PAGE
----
We found that in the context of a reminder program to encourage repeat mammograms among insured patients, important barriers to examination completion remain. In particular, younger age, more recent health plan membership, lower family income, and obesity significantly reduced the odds of completing a mammogram. Our findings are consistent with findings from other studies,10,13,15,33
including the finding that family income (and associated factors) appears to be a stronger predictor than race. However, this study serves to highlight that access to mammograms through health insurance and reminding patients that mammograms are due does not completely alleviate patient barriers. Disparities cannot be addressed solely by providing access to clinician advice about the procedure. Thus, to improve mammogram screening rates among the insured, it will be important for health plans to expand beyond reminding women to obtain mammograms.
In another study at this site that used an alternative method of assessing compliance with mammography guidelines, the Prevention Index (PI), or the proportion of time a patient is observed during which the patient has had the prevention services needed or is appropriately “covered according to guidelines,” those aged 50–59 (compared to those 60–69) and those with shorter periods of health plan membership had lower mammography PIs.33
The current study expands on these findings by exploring patient-reported factors that could explain the lower likelihood of mammography completion among younger women. Younger targeted women were significantly more likely to report being “too busy” to have mammograms. Although we did not explore patient perceptions of how this barrier could be alleviated, it may be useful to evaluate such interventions as worksite and mobile mammography facilities or the availability of after-work appointments for younger women. Younger targeted women also had more worries about mammograms than older women. The worries largely related to concerns about the accuracy of mammograms that could cause either missed cancers or unnecessary surgery. Younger women's perceptions in this regard have some basis in fact because although the USPSTF recommends mammograms every 1–2 years among women aged 50–69, the balance of benefits and harms grows more favorable as women age.4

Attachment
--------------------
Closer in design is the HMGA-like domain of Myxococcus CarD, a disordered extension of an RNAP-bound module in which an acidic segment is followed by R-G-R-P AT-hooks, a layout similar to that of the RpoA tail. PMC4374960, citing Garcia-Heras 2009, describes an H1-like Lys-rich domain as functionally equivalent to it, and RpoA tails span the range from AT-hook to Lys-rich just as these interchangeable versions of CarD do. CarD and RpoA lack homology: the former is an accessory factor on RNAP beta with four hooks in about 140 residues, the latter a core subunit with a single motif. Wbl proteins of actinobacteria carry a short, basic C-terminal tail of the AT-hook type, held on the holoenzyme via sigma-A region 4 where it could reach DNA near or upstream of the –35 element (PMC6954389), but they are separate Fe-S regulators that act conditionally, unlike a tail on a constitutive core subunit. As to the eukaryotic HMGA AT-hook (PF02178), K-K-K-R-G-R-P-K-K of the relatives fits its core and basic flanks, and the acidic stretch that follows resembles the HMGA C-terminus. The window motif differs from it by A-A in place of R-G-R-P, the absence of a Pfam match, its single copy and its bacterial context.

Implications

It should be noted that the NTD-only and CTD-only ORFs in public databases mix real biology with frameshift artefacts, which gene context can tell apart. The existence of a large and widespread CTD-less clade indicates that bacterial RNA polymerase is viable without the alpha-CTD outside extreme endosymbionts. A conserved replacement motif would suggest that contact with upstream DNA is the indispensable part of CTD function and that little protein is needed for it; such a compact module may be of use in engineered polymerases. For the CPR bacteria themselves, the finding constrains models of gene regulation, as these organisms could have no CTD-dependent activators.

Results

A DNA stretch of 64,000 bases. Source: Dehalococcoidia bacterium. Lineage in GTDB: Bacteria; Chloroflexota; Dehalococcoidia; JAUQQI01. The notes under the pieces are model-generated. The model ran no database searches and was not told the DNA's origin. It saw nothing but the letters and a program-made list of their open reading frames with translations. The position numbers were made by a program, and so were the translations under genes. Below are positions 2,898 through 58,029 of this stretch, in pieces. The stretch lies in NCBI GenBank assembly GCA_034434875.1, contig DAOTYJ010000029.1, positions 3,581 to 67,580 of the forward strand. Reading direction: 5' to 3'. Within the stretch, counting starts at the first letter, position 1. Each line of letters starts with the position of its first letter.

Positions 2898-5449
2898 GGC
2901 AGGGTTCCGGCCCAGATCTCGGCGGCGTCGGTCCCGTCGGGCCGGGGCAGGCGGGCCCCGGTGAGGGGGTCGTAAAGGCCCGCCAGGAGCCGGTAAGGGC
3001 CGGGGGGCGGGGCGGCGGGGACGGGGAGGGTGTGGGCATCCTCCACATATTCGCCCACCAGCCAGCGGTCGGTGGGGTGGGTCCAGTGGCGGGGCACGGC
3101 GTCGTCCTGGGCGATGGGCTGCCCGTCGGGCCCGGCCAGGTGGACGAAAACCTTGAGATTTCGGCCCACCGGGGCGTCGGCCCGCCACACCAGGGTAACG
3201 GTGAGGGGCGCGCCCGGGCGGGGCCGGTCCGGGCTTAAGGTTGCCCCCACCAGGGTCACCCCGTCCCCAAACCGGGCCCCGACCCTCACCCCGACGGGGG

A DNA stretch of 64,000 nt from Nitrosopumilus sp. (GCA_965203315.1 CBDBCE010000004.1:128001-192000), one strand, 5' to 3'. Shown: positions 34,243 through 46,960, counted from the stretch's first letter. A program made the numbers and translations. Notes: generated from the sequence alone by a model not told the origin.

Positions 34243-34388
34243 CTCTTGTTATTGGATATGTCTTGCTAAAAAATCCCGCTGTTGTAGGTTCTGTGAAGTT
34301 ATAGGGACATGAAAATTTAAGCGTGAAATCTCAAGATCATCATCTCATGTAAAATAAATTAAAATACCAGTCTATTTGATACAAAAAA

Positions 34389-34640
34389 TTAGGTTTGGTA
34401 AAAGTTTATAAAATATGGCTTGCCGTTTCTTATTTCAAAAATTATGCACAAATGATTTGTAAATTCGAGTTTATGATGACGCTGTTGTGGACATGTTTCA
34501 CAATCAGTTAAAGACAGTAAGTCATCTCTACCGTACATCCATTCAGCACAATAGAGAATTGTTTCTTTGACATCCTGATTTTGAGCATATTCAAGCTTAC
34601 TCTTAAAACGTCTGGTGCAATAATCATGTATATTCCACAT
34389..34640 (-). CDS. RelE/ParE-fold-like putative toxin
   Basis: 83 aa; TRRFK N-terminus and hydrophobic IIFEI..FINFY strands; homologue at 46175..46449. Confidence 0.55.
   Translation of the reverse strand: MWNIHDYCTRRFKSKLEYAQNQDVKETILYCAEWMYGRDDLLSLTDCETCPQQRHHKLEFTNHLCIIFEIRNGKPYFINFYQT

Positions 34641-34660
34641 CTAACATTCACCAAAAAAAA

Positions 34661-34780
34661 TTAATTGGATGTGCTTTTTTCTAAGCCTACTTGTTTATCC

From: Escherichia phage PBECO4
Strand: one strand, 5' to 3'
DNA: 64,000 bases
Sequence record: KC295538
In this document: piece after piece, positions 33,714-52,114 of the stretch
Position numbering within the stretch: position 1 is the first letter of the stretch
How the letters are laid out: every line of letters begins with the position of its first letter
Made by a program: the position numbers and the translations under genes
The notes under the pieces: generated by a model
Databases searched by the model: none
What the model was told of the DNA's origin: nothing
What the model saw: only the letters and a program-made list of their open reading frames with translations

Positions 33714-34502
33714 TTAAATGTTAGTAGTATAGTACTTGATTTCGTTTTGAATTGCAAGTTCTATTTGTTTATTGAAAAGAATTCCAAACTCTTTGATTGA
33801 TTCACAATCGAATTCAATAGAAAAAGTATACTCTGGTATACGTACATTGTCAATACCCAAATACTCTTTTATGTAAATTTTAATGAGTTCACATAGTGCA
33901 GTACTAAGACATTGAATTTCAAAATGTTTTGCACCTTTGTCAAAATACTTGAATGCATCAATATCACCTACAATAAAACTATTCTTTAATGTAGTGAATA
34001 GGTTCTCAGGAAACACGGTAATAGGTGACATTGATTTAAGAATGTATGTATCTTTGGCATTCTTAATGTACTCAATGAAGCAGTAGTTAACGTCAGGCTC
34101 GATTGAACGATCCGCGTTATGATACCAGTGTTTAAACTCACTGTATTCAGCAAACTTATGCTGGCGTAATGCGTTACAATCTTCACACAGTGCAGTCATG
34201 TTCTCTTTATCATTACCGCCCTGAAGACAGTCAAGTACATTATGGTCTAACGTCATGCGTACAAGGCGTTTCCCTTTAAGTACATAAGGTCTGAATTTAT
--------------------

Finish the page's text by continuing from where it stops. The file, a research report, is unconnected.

This highlights the need for assistance with informed decision making in younger women and the continued need for improved technologies for breast cancer screening.
Obesity has been described previously as a barrier to mammogram completion.16,34
This study helps confirm the strength of this association by using objective measures, such as height and weight and mammography examination data. We also elucidated several issues related to the obesity barrier. Most importantly, we found that the prevalence of this barrier was very high; nearly half (47%) of this community-based sample of insured women who had already had a prior mammogram and had been weighed were obese. The findings in our sample are not dissimilar to those of the National Health and Nutrition Examination Survey (NHANES) for 2005–2006. There, 42% of women aged 40–59 in the United States were found to be obese.35
The somewhat higher prevalence of obesity found here may be explained by the fact that the state of Oregon has a higher prevalence of obesity among adults than the national average.36
Given the obesity epidemic,37
the higher incidence and mortality from breast cancer among the obese,34